The high price of prescription drugs isn’t just hitting patients in the pocketbook. Non-adherence, often driven by high prices, costs the healthcare system between $100 billion and $290 billion every year, according to a review of studies by Annals of Internal Medicine (AIM). That same review found that of the medications prescribed, between 20% and 30% of them are never filled by patients.
Physicians cannot dictate the price of the medications they prescribe, though they understand the challenges patients face in paying for medications. In practice, physicians’ impact extends only to prescribing a generic or potentially selecting the most affordable option when two or more similar therapies could work for a given patient.
Healthcare plans sometimes give patients enough financial support. However, some people have to make hard decisions when they cannot afford their prescriptions: rationing out medications, facing financial hardship to pay for prescriptions, or — in some cases — skipping doses or going without completely.
Such challenges leave patients to seek alternatives and increasingly American patients are looking to Canada, which regulates drug prices, for more affordable prescription options. The prices over the border can be up to 90% less than the same drug stateside.
Companies have noticed and capitalized on the demand for prescriptions from Canada. For example, Pharma Giant was founded in 2020 and ships both generic and name-brand medications to patients in the United States for an array of indications, from diabetes to arthritis to blood pressure to cancer to allergies.
Also founded in 2020, Buy Canadian Insulin offers more than 3,000 medications, helping U.S. patients afford their prescriptions. Some have express ship services. Companies like these offer U.S. patients a more cost-effective alternative for their prescriptions.
Here’s what that savings can look like in numbers:
Four pens of Trulicity — a brand name medication for Type 2 diabetes — cost $1,117 in the U.S. compared to $282 in Canada.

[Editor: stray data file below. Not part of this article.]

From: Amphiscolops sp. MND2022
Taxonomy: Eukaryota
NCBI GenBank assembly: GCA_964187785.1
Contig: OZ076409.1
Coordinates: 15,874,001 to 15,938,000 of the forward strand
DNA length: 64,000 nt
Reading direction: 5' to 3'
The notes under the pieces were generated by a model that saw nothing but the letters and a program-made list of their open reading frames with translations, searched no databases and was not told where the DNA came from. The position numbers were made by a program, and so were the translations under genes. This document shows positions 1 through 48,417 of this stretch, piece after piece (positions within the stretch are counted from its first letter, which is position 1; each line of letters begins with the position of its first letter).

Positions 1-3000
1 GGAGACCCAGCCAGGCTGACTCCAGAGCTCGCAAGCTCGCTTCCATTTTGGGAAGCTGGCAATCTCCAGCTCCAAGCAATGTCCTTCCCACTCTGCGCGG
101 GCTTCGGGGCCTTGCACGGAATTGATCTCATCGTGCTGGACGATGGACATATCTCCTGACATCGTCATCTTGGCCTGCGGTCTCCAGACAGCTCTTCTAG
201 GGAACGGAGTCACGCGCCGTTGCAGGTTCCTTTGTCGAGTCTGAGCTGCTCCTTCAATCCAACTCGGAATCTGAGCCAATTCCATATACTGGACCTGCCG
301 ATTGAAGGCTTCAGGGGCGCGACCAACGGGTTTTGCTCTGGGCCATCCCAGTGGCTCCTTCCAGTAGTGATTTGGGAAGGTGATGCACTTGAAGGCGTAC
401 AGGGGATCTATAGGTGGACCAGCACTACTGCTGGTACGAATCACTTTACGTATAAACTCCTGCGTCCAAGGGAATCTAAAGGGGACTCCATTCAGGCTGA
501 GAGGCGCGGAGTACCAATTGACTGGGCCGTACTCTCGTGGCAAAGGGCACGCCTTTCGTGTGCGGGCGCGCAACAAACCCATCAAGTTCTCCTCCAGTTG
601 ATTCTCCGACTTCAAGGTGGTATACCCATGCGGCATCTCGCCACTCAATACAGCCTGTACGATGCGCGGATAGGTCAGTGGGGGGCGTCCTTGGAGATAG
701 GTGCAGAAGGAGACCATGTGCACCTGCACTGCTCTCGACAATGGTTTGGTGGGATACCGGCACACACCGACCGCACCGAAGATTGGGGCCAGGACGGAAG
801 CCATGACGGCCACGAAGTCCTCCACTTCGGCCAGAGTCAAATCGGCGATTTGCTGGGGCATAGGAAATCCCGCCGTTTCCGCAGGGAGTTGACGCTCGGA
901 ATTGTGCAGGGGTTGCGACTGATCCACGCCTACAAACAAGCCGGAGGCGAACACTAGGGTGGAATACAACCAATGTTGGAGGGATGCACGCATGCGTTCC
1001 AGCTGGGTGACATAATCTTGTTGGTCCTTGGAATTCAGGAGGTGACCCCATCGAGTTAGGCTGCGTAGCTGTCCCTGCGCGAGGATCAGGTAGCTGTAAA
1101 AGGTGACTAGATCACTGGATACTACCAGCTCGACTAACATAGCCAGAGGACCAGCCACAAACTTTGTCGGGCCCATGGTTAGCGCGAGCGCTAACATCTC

Rinvoq, which treats several indications including Crohn’s Disease and Ulcerative Colitis, runs $11,915 stateside but only $1,749.95 over the border. That translates to almost seven times the cost to buy the same medication in the U.S. instead of Canada.
Likewise, blood thinner medicine Xarelto — used to decrease risk of stroke, pulmonary embolism (PE), and deep vein thrombosis (DVT) — costs 5.5 times more in the U.S., where it is $1,989 compared to $351 in Canada. Likewise, anticoagulant Eliquis runs $712, compared to $157, a 4.5 times difference in the cost.
Even the common EpiPen costs less in Canada, running $712 in the U.S. compared to $260 in Canada, a difference of 2.7 times.
Such savings really make a dent when patients consider higher-cost prescriptions like plaque psoriasis drug Tremfya. Patients could shell out $14,417 to buy their medication in the U.S. compared to $3,795 to have the drug shipped from Canada.
For diabetics, opportunities to save abound, with several medications clocking in cheaper when purchased from Canada. For example, rapid-acting insulin NovoLog is $392 compared to $79 (almost five times the savings). A1C-lowering noninsulin medication Victoza is $1,345 compared to $375 (three and a half times difference in cost). Insulin Toujeo costs $502 in the U.S. versus $142.50 in Canada (3.5 times difference in price). Further, patients can save on insulin pen Saxenda, where they could pay $515 in the U.S. compared to $1,612 in Canada (three times less).
Cold-chain medications such as insulin are shipped in temperature-controlled packaging to ensure the medication’s integrity upon delivery.
In addition to lowered financial burdens, buying prescriptions from Canada offers another benefit: access to medicines that are out of stock in the United States. While some U.S. pharmacies may not have a particular prescription in stock, Canadian pharmacies might.
Options like these could prove key in helping to solve the crisis of high prescription drug costs and potentially enable patients to better adhere to the treatment protocols their physicians create for them.
Use coupon code MEDCITY at www.buycanadianinsulin.com for additional savings.
Photo: cagkansayin, Getty Images